We’ve become familiar with Imagination Technologies as a leading provider of IP for mobile GPUs, and within the last year the acquisition of the MIPS architecture has established them further in NPU and SoC circles. Their latest move targets an IP solution more in line with their heritage.
Imagination, way before becoming famous in every iPhone, was a digital radio company. With the UK home to the world’s largest digital radio network, much of that success was powered by the Pure family of digital audio broadcasting (DAB) receivers. Initially designed as a way to showcase Imagination digital radio chipsets, Pure took off as a consumer brand by breaking the £100 DAB receiver price point.
The timeline of the computer industry is proof history repeats itself. The smartphone and tablet have blossomed, with most now carrying Wi-Fi and Bluetooth as standard payload. Digital connectivity is moving into new application areas such as automotive, the Internet of Things, and wearables, with requirements for even smaller and more power efficient radio implementations.
There is no shortage of combination chipsets for Wi-Fi plus Bluetooth out there, well represented by the likes of Broadcom, Intel, Marvell, MediaTek, Qualcomm Atheros, Redpine Signals, and TI. Chipset solutions evolved because SoC makers were reluctant to place RF elements directly on chip, for several reasons. Historically, RF solutions have been finicky, resisting attempts by mere digital design mortals to integrate – but that resistance is diminishing as solutions improve.
More importantly, RF solutions have posed a thorny business problem. Adding a diverse set of multiple radios drives bill-of-material costs hard, and including unnecessary features in devices targeting low price points is a losing proposition. The standards themselves have been a moving target, with state of the art today being 802.11ac for Wi-Fi, and Bluetooth 4.0 including Low Energy technology. Also, varying regulatory and carrier requirements in worldwide markets have made integration challenging, driving many device vendors to prefer RF chipsets external to the mobile SoC so solutions can be tailored.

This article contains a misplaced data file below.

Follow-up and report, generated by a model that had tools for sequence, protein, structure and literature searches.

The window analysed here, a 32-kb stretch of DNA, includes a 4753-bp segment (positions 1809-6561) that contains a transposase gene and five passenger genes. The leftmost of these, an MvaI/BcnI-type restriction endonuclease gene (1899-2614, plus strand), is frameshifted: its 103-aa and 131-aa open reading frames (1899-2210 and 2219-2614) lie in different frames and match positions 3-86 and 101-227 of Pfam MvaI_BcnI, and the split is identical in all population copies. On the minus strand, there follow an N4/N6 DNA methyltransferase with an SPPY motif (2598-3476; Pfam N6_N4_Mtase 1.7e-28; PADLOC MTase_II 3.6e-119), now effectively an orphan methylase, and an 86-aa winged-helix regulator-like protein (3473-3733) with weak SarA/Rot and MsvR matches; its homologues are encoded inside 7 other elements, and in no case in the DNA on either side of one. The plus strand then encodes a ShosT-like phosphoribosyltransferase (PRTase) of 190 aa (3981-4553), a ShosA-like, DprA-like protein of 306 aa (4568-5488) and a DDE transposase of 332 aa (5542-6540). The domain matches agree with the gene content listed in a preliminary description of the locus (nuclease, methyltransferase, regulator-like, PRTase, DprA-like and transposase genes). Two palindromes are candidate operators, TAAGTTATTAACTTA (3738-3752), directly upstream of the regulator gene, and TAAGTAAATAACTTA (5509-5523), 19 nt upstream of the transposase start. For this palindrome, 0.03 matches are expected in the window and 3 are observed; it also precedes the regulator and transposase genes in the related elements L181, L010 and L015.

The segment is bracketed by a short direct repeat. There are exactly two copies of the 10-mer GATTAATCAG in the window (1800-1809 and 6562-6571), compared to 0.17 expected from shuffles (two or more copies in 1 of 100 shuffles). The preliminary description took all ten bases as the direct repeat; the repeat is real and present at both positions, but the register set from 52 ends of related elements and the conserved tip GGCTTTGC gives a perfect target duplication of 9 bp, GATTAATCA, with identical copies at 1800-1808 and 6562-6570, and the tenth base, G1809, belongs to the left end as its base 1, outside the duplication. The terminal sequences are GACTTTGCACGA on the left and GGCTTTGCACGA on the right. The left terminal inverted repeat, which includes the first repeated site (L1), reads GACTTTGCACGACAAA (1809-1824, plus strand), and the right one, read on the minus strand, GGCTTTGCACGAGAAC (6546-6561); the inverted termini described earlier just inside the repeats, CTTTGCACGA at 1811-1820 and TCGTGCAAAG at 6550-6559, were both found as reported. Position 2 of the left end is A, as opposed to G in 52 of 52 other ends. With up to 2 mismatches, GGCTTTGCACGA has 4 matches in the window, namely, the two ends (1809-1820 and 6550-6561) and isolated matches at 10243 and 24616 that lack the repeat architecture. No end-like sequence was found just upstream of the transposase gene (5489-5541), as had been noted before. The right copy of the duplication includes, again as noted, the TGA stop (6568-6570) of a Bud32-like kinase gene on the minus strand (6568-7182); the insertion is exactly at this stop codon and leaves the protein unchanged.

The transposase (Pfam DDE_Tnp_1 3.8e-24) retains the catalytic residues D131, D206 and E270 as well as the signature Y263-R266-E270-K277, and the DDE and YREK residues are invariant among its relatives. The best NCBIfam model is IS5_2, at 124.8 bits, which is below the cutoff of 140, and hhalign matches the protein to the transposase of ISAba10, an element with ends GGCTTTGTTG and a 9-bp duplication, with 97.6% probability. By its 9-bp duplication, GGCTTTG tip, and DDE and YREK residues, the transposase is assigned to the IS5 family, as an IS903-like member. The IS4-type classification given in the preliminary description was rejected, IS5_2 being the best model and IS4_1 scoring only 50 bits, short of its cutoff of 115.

This RF churn may finally be settling out, as 802.11ac and Bluetooth 4.0 are becoming checklist items no device vendor wants to be without. There is another checklist item for automotive makers: FM radio, still alive and well everywhere in the world. FM radio also fits well with wearables, offering users the option of over-the-air broadcasts or Internet radio capability.
On that backdrop, the battle may be shifting to a more integrated, lower power SoC design with combination RF capability built in. Imagination is well poised to fill this role, combining their RF heritage with deep experience in lower power SoC IP. This is the motivation for the new Ensigma Series4 radio processor unit (RPU), an IP core with a combination of Wi-Fi, Bluetooth, and FM radio receiver.
Combining physical interfaces is one thing, but significant attention needs to be paid to blending traffic under real-world use scenarios such as audio streaming. The Ensigma Series4 carries advanced coexistence algorithms with features like Bluetooth cycle prediction, packet prioritization supporting QoS, and optimized use of unified memory. If effective, this could mean significant improvements in power and performance compared to external chipsets.
The Ensigma Series4 is also configurable, so baseband solutions can be customized by the OEM where that need exists. For more on the Ensigma Series4 architecture, visit the Imagination blog:
Will Imagination succeed with RPU IP? Combo RF chipset vendors have so far feared to tread on this ground, but with the experience earned in trailblazing digital radio markets and delivering power-efficient IP for mobile solutions, an Imagination RPU solution is certainly plausible for a new generation of tiny wearable devices. The addition of an FM receiver – which presumably could be configured for other over-the-air standards like HD Radio or DAB+ – adds some extra intrigue, especially for automotive OEMs.
What do you think of the markets and this approach?
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